Because craft beer is relatively new and consumption is concentrated among foreigners, not many people outside of Tier 1 cities understand what it is, although the trend is starting to spread. There are also logistical challenges to consider when exporting to China. Craft beer is best served as fresh as possible to get the full impact of the flavor, which means that overseas brewers trying to export to China have to contend with the additional costs of shipping long distances, as well as the extended shipping time and lack of proper storage facilities. However China has seen improvements in storage and handling over the years, so a growing number of importers are investing in upgraded infrastructure that maintains cold-chain throughout the beer’s life cycle: being kept cold from when it leaves the brewery, to when it gets to the customers’ hands.

 

 

The future of craft beer in China

As consumer tastes mature and become more diverse, so will the number of local breweries that operate in China. As local craft beer becomes adopted by local consumers, there will be more options and opportunities to sample such beer—or create that desire to experiment with more than the domestic mass produced beer on offer in supermarkets.

 

 

For those wishing to conduct a little further research in this field, this list contains China’s top breweries.

 

 

China Web & Software development environ...

China Web & Software development environment

The sheer volume of information being generated in China is having a huge impact on how business operate in China. What was not possible to code and develop in China just 3 years ago, is now possibly, more efficient than coding and development in traditional locations such as the US and India. China’s ability to develop, search and hyperlinking technologies has risen exponentially. However, the challenge has now become one of attracting talent rather than searching for non-existent competencies or trying to develop technical expertise in-house.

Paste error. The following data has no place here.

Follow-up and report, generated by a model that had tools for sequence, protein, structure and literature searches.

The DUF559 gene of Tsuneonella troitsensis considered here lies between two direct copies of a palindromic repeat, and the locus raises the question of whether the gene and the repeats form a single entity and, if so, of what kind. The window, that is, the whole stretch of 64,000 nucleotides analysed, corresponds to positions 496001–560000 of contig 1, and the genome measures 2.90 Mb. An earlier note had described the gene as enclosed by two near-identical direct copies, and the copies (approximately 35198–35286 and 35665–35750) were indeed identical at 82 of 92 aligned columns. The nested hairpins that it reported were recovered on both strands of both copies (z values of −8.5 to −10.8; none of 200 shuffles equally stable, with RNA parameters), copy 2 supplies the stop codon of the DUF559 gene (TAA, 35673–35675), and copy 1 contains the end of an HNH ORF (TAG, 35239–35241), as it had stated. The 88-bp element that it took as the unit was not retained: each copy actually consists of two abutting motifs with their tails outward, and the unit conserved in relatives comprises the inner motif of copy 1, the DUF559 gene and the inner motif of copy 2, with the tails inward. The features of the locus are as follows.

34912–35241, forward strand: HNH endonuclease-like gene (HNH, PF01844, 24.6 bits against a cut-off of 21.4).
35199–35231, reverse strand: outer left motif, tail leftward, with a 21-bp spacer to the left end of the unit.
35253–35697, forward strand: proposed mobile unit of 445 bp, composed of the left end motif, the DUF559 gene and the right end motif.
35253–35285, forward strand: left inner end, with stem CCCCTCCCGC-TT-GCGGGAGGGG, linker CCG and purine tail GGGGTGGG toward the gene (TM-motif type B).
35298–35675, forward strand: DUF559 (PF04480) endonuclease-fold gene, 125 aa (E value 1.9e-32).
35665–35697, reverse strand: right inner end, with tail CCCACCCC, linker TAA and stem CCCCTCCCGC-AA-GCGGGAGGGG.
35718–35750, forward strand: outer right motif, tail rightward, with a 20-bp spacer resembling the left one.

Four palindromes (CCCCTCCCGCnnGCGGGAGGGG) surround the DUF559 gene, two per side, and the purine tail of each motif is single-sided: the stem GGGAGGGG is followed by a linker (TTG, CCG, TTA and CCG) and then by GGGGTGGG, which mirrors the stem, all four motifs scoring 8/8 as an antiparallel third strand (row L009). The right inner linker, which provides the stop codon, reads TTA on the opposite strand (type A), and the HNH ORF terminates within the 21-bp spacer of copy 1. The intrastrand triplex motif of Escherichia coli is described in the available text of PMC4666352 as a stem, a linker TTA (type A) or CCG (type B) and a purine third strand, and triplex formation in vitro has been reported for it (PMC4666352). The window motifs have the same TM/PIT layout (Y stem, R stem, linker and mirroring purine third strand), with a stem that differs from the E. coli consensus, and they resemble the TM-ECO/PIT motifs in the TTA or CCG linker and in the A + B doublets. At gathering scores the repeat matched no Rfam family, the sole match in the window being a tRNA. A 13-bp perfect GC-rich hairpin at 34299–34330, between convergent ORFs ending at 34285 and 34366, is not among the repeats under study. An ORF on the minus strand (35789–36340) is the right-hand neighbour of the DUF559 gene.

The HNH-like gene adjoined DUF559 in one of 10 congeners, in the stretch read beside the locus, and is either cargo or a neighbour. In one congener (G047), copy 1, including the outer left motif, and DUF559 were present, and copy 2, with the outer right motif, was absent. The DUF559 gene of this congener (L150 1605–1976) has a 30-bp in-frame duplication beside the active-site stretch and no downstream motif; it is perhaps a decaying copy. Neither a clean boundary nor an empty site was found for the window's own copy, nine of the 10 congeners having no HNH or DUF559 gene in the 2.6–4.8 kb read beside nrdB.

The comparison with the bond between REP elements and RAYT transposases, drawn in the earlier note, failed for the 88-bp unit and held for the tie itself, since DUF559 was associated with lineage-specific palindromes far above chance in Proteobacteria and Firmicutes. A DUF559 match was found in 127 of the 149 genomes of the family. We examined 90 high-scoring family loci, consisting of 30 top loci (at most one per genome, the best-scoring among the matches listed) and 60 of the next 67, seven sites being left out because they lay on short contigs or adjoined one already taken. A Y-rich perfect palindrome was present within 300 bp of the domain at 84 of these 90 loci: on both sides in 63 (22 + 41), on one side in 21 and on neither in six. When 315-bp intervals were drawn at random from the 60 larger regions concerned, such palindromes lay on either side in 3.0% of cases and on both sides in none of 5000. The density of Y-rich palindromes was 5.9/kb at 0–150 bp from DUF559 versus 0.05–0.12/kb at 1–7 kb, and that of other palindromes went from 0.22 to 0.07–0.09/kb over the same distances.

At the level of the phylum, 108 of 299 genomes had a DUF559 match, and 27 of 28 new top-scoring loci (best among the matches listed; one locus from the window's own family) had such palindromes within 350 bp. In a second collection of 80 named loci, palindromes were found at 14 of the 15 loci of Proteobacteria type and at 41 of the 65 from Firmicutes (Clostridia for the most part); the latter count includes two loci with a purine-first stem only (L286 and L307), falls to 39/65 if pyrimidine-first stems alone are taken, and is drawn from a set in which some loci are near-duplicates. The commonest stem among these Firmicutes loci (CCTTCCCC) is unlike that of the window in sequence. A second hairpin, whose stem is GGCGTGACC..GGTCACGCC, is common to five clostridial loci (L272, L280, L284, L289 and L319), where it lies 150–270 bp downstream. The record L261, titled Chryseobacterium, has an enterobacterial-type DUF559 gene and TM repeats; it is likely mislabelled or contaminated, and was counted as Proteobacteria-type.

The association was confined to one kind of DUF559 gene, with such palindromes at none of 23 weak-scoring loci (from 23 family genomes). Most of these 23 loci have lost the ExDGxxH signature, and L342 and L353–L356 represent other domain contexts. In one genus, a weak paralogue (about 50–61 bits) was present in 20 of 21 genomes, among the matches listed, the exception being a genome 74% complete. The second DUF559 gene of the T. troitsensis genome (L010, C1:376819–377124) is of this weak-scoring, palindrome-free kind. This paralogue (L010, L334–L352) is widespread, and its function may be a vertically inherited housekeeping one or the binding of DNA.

The China's Developer Survey Report 2017, commissioned by Alibaba Cloud Developer Community (ACDC), surveyed over 7,032 developers in Mainland China. In this report, developers shared their preferences for software development, including their favorite OS, development environment, programming language, database, framework, and codebase. Among other things, you can find out about China's software development trends and practices in fields such as cloud computing, big data, artificial intelligence, blockchain, and security.

 

 

Top 25 trends of developers in China.

1. Windows is still the favorite OS

67.2% of developers prefer Windows, 20.3% prefer MacOS (OS X), while only 12.5% prefer Linux or other operating systems (OS). Some of the main motivations of using Windows include the familiarity of the OS and the availability of platform resources in China.

2. JavaScript is the most widely used development language

While SQL is the most popular development language worldwide, developers in China still prefer JavaScript and Java. Developers proficient in Java and Python paid significantly higher than peers.

 

 

3. WordPress and Discuz! are the top web applications used by web developers

Owing to the popularity of blogs and forums in Mainland China, Discuz! and WordPress are the heavy favorites among web developers.

 

 

4. 92.1% of developers in China are male

The developer community in China is heavily male dominated, with only 7.9% of developers are female. This number is slightly higher than the global average of 88.6% (2017 Stack Overflow Global Developer Survey).

5. Beijing is the most popular city for developers, followed by Hangzhou

Hangzhou, with the presence of Internet giants such as Alibaba, has transformed from being a fairly unpopular city to the second most preferred city for developers in China.

6. Front-end engineering is the most important skill for front-end developers

Developers with "front-end engineering" skills are highly employable in Mainland China. Front-end engineering mostly involves feasibility analysis and optimization of projects through detailed planning.

7. Eclipse is the most popular development environment

The top four integrated development environment (IDE) in China are Eclipse, Notepad++, Visual Studio, and Sublime Text. Major factors for deciding on a development environment include cost and ease of use.

8. MySQL is the most widely adopted database

The “Open Source” nature of MySQL makes it a popular choice among developers compared with more traditional databases such as SQL Server. Oracle is also a popular option, but its adoption is hampered by its price tag.

9. There is no preferred cloud deployment model among developers in China

Private, public, and hybrid cloud are all of equal importance in China. Instead of having preference on a single deployment model, developers in China focus on the coexistence of multiple alternatives for different applications.